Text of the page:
DETROIT — Consumers looking for a used vehicle aren't shying away from GM models — even though more than 20 million GM cars and trucks have been recalled this year.
General Motors cars such as the Chevrolet Malibu have retained or increased in value, sometimes more than rival vehicles. And sales of new cars aren't slowing either, up 13 percent in May.
GM has issued 44 recalls in North America this year for parts ranging from ignition switches to air bags. The most serious is for ignition switches in 2.6 million small cars linked to more than 50 crashes and at least 13 deaths. Investigations into that recall have exposed GM as a company that was too slow to react to serious safety issues.
In the past, consumers punished automakers for big recalls. Those companies lost market share — Toyota's dropped 2 percentage points over 12 months when it recalled 14 million cars for unintended acceleration. Yet GM's has held fairly steady so far, around 18 percent.
GM has cautioned that an ongoing companywide safety review could produce even more recalls — just Monday it recalled another 3.4 million cars for a separate ignition switch issue — so consumers might still decide it's smarter to buy their wheels elsewhere.
But for now, experts say, GM has retained buyers' confidence by appearing to act quickly on safety matters — even though GM's internal investigation into the small-car switch recall showed that employees took years to realize they had a safety problem on their hands.
"People are associating that with being vigilant more than being careless," said Larry Dominique, executive vice president of Automotive Lease Guide, whose data is used by dealers to set values of leased cars.
That could explain why the value of the 2010 Chevrolet Malibu rose almost 3 percent from February, when the recalls started, through May, according to ALG. That compares with midsize cars as a whole, which dropped in value by 1 percent. The Malibu has been part of five recalls this year.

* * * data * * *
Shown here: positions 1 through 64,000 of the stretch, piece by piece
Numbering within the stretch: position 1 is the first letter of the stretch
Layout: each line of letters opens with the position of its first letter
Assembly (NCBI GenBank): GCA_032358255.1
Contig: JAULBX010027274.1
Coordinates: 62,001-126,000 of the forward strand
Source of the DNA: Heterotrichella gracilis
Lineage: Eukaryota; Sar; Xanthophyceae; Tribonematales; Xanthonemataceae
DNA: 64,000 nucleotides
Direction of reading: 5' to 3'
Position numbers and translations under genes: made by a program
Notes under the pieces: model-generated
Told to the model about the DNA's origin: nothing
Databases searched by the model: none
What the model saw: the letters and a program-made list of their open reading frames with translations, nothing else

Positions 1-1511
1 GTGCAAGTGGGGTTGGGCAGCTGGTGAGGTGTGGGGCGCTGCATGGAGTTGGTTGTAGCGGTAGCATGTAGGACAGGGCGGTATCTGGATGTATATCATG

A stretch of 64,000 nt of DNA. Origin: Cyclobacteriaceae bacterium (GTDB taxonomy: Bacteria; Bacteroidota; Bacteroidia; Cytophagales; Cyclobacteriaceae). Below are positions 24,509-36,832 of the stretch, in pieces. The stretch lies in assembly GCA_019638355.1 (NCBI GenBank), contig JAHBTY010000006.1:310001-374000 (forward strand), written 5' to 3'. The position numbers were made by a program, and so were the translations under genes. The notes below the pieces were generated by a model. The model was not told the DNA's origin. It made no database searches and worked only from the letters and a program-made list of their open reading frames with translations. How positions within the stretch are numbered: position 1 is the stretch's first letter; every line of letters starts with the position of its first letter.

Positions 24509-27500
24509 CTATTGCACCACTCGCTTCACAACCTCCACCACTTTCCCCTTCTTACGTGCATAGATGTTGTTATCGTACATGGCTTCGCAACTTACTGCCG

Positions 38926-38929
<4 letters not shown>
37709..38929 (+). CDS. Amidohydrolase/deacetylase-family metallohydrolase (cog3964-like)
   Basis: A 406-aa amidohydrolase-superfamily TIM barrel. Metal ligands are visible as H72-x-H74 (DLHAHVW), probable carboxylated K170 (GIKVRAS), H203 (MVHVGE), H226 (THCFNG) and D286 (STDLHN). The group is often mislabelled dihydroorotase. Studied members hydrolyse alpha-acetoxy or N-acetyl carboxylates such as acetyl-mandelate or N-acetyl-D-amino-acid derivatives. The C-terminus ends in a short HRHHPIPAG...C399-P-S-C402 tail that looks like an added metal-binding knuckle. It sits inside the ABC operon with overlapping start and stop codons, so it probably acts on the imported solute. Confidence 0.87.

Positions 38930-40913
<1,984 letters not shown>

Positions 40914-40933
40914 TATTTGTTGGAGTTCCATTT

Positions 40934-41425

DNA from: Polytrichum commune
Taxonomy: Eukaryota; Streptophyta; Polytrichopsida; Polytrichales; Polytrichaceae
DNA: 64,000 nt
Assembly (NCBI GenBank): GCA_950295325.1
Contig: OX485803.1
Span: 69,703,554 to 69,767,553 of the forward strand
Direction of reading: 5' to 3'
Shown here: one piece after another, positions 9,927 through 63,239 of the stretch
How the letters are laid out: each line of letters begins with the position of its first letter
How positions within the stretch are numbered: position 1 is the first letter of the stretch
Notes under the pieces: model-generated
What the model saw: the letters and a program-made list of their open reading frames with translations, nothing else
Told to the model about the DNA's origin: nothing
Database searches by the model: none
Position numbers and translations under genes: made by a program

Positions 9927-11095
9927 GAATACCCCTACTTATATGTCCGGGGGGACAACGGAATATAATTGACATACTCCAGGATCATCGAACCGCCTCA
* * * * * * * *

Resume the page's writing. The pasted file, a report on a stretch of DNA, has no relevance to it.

The value of most other used GM cars also rose. The exception: the Chevrolet Cobalt, which is at the heart of the first ignition switch recall. About 1 million Cobalts are being recalled. Of the 13 deaths GM counts, nine occurred in Cobalts.
ALG says the value of 2010 Cobalts dropped 2.4 percent from February through May, but the compact car segment's value rose almost 3 percent. Falling values have triggered lawsuits from Cobalt owners.
That doesn't mean the cars won't sell. At L.A. Sales in Oyster Bay, New York, on Long Island, part-owner Andy Kaufman recently sold a 2005 Cobalt for just under the $5,000 he was asking. The buyer, he says, had no concerns once Kaufman showed him the switch had been replaced.
Experts say the volume of recalls has taken away some of the fear factor.
"I'm beginning to wonder if the consumer is almost numb to the next headline that comes out," says Ricky Beggs, a senior vice president of Black Book, which also monitors used car prices.
The GM headlines keep coming. On Monday, GM recalled older large cars for an ignition problem, although GM says the cause in this one is the key design. On June 6 the company said 15 people had been dismissed in relation to the findings of its internal investigation into the small-car switch problem. CEO Mary Barra has repeatedly apologized for the injuries and loss of life. She makes a return trip to testify on Capitol Hill Wednesday.
Even if consumers do become sensitive to the recalls, any new-car market share decline would be small, predicts Jesse Toprak, senior analyst with the Cars.com website.
"They can mitigate it with some targeted marketing efforts" and bigger discounts, Toprak says.
Consumers seemed more sensitive in the past. In the early 2000s, Firestone recalled more than 6 million defective tires on Ford SUVs, and the automaker replaced another 10 million. At least 271 people were reported killed and hundreds injured. Ford's share of the SUV market fell 5 percentage points.
One important difference is that the recalled GM small cars — the Cobalt, Saturn Ion and Sky, Pontiac G5 and Solstice, and Chevy HHR — are no longer made. And GM's newer cars score much higher in quality surveys. Also, people don't always associate General Motors with the Chevrolet, Buick, GMC and Lincoln brands, said Dominique.
Still, there is fallout.
Elise Palazzi of Hawthorne, N.J., near New York City, is still trying to sell a 2005 Cobalt that one of her daughters used to drive.
She first put the car on the market for $4,500 just before the recalls began. Palazzi told potential buyers that she had no problems with the ignition, but they were skittish, she says.
About a month ago, her local Chevrolet dealer replaced the switch. She didn't change the price, but revised her ad to show the switch has been repaired. Now she's optimistic about selling. But a man came to see the car last week and didn't buy it.
Kaufman, the Long Island dealer, is concerned about the large number of GM vehicles subject to recalls.
The federal government says there are no regulations preventing used car lots or individuals from selling recalled cars before they are fixed. But Kaufman says he won't sell any until repairs are done.
"You have a white elephant that you've just got to stick in the back of your lot and watch it depreciate," Kaufman said.